In Italy there are different types of eating establishments—namely, restaurants, trattorias, and osterias. The differences today don’t mean as much as in the past, as many trattorias and even restaurants today call themselves osterias, and vice versa. And the evolution continues with the advent of agritourism and the Slow Food Movement.
The osteria, or inn, was developed between the First and Second World Wars. In these taverns shelter was needed, a few tables, lots of wine, and very little food. Until the 1960s, only a few hot dishes were offered, such as a pot of boiled tripe or minestrone. Over time, they served simple meals. Usually there was no menu and the offerings changed daily, according to the local market. Over time, two or three courses might be offered at a fixed price, including wine.
Trattorias evolved between the 60s and 80s and offered more options than osterias. Traditionally, they were family-owned, casual, and rustic places that served fresh, unassuming, and conventional local food at reasonable prices. Restaurants, on the other hand, traditionally offer complete meals or à la carte dishes presented on a printed menu with fixed prices. Some have a host or hostess, a sommelier and a professional kitchen staff, although not all are the same.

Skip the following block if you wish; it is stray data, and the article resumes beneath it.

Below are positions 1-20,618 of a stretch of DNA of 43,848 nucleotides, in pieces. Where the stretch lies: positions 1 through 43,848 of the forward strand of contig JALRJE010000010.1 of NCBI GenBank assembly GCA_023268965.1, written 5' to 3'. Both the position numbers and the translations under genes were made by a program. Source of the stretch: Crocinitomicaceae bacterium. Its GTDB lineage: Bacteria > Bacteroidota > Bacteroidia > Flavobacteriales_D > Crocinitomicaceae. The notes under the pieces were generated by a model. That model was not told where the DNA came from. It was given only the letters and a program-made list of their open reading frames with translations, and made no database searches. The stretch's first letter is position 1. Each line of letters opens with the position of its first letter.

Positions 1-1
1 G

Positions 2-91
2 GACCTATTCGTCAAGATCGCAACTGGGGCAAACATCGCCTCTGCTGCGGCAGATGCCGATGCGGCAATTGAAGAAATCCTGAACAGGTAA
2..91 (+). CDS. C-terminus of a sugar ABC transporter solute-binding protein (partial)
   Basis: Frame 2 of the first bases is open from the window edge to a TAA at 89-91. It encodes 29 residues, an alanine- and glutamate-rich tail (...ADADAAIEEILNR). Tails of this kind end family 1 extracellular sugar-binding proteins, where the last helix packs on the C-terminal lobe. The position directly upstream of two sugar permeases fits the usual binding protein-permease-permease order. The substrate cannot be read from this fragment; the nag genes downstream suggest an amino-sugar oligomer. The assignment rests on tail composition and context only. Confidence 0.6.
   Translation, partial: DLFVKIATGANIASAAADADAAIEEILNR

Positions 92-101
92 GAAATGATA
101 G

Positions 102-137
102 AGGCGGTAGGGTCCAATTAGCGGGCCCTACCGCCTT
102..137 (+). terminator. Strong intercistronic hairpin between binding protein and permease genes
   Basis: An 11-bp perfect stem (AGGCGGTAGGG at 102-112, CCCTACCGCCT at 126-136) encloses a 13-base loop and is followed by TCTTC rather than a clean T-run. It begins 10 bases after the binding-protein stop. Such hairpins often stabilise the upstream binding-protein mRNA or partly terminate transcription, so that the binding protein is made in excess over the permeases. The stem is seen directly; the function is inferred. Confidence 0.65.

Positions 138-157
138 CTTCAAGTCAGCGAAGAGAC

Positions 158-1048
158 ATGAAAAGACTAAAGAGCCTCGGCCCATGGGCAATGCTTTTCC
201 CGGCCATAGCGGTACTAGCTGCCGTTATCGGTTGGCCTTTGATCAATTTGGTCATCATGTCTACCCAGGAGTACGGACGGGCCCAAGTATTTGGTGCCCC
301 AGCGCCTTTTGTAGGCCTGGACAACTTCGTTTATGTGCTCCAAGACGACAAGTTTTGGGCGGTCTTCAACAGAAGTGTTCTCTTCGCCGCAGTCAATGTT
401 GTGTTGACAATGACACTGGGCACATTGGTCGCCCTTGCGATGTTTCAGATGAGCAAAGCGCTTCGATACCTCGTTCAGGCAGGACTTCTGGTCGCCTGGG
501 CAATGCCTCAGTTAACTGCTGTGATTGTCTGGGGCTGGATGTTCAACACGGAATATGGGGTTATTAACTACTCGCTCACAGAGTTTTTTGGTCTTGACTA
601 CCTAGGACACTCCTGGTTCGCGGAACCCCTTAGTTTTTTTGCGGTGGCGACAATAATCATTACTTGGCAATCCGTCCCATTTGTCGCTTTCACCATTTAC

As the distinction between these types of restaurants have blurred, according to the guide, Osterie d’Italia 2019, at least four different types of “trattorias” have emerged: traditional, modern, agritourism, and traditional restaurant. In the traditional trattoria, the focus is on the raw ingredients whose origin is strictly local. The dishes are handed down from generation to generation. The tables are managed in an informal and simple way, in many cases by family members divided between the kitchen and tables. The modern trattoria might have minimalist furniture and it might have a more updated look without checkered tablecloths and plates or peasant tools on the walls. But more importantly, its dishes tend to rethink traditional dishes with a modern touch and an unusual presentation. These places are often run by young people, most often long-time friends with a passion for wine, who are trying to reshape history in a contemporary way.
Traditional restaurants usually are more elegant with more service formalities. In general, their dishes reflect tradition while attempting to keep in step with the times. The agritourism sector is a model on the rise. The idea here is to serve dishes prepared with vegetables cultivated, cheeses produced, and meat raised just a few meters from one’s table. The cuisine is more or less rigorously linked to tradition. On the table, risotto, lasagna, soup, baked goose or roast kid might arrive, as well as a rich selection of cold cuts and cheeses to try.
According to the Osteria guide, the best establishments share the same qualities including: a welcome and convivial environment; fair value for money; use of local products whenever possible; and knowledge of how to pair wines, even the house wine. The guide lists 1,617 osterias or trattorias, and the best ones are indicated by the snail symbol of the Slow Food Movement (SFM). In 1986, an Italian food and wine journalist Carlo Petrini started the SFM. He was haunted by the spectre of fast food companies eroding Italy’s ancient culinary culture. The opening of McDonald’s on the Spanish Steps in Rome was the last straw. Today the snail symbol is a prestigious badge of honor for Italy’s best trattorias.